Week one of the ADAPT course is in the books. I hesitate to call it a true week one — it was more of an orientation week — as there were no mentor coach or teacher assistant sessions and the workload itself seemed a little on the light side. I’ve worked my way through the content already, with the exception of a journalling exercise, which I will incorporate into the body of this post.
The video content consisted of introductions to the Functional Health and Art & Practice of Coaching tracks.
Through a series of short videos, Chris Kresser laid out the principles of the paleo diet. He stressed that paleo is not a rigid doctrine, but a template, a starting point, and made a case for incorporating “non-paleo” foods — dairy, legumes, whole grains — into one’s diet if they are well-tolerated. Pointing out that paleo is a term that has accumulated much baggage, he said he prefers to describe his dietary recommendations as a “non-inflammatory, nutrient-dense, real foods” approach to eating.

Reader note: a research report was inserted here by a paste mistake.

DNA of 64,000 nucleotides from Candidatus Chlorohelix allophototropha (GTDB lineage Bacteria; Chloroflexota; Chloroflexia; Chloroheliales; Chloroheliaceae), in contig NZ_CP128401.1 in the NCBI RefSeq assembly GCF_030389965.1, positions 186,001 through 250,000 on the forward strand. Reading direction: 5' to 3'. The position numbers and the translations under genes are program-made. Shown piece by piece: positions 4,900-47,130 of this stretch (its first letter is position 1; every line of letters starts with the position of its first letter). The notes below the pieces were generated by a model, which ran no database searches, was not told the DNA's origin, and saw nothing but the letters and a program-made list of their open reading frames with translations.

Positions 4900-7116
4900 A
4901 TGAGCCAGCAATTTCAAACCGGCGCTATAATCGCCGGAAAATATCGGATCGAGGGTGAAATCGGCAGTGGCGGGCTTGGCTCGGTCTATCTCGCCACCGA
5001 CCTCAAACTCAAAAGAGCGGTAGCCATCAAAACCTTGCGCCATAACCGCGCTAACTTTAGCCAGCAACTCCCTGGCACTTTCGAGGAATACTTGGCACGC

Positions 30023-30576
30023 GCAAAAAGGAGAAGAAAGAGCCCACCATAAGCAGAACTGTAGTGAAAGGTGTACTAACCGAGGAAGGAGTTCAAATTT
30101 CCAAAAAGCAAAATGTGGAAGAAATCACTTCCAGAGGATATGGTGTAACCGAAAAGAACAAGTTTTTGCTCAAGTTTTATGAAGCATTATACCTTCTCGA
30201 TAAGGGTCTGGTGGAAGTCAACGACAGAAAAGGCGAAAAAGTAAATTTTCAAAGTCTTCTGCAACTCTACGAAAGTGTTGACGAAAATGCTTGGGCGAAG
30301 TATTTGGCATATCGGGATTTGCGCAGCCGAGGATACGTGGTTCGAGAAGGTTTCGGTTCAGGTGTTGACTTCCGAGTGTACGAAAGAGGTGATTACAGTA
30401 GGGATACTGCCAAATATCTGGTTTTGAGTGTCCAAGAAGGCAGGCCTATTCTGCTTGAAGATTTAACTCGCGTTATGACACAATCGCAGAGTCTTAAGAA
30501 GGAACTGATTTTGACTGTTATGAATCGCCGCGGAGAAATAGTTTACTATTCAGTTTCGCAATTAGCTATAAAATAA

The Art & Practice of Coaching videos featured videos by two of the faculty. Ken Kraybill introduced the core concepts of motivational interviewing. Forest Fein introduced the concept of mindfulness, laying out the importance of its inclusion in the coaching track.
Motivational interviewing is an approach to coaching that taps into the client’s own motivations for change, which sounds straightforward enough, but as Kraybill points out, those motivations are often obstructed, hidden, or buried by varying degrees of ambivalence. Motivational interviewing then becomes a process by which the coach facilitates an examination of a client’s ambivalence to change and assists in the formulation of a plan for working through it.
Mindfulness is a term that emerged from American Buddhist communities and has gained traction in mainstream culture. Originally used to describe a particular approach to sitting meditation (mindfulness meditation), it’s become synonymous with a process of being “present” in all circumstances. A coach’s capacity for being mindful of his or her own thoughts, feelings, body language, impulses, reactions, etc. is a key requisite to being present to the needs of clients. Because mindfulness is best cultivated through the practice of sitting mediation, ADAPT practitioners are encouraged to maintain a daily practice throughout the course.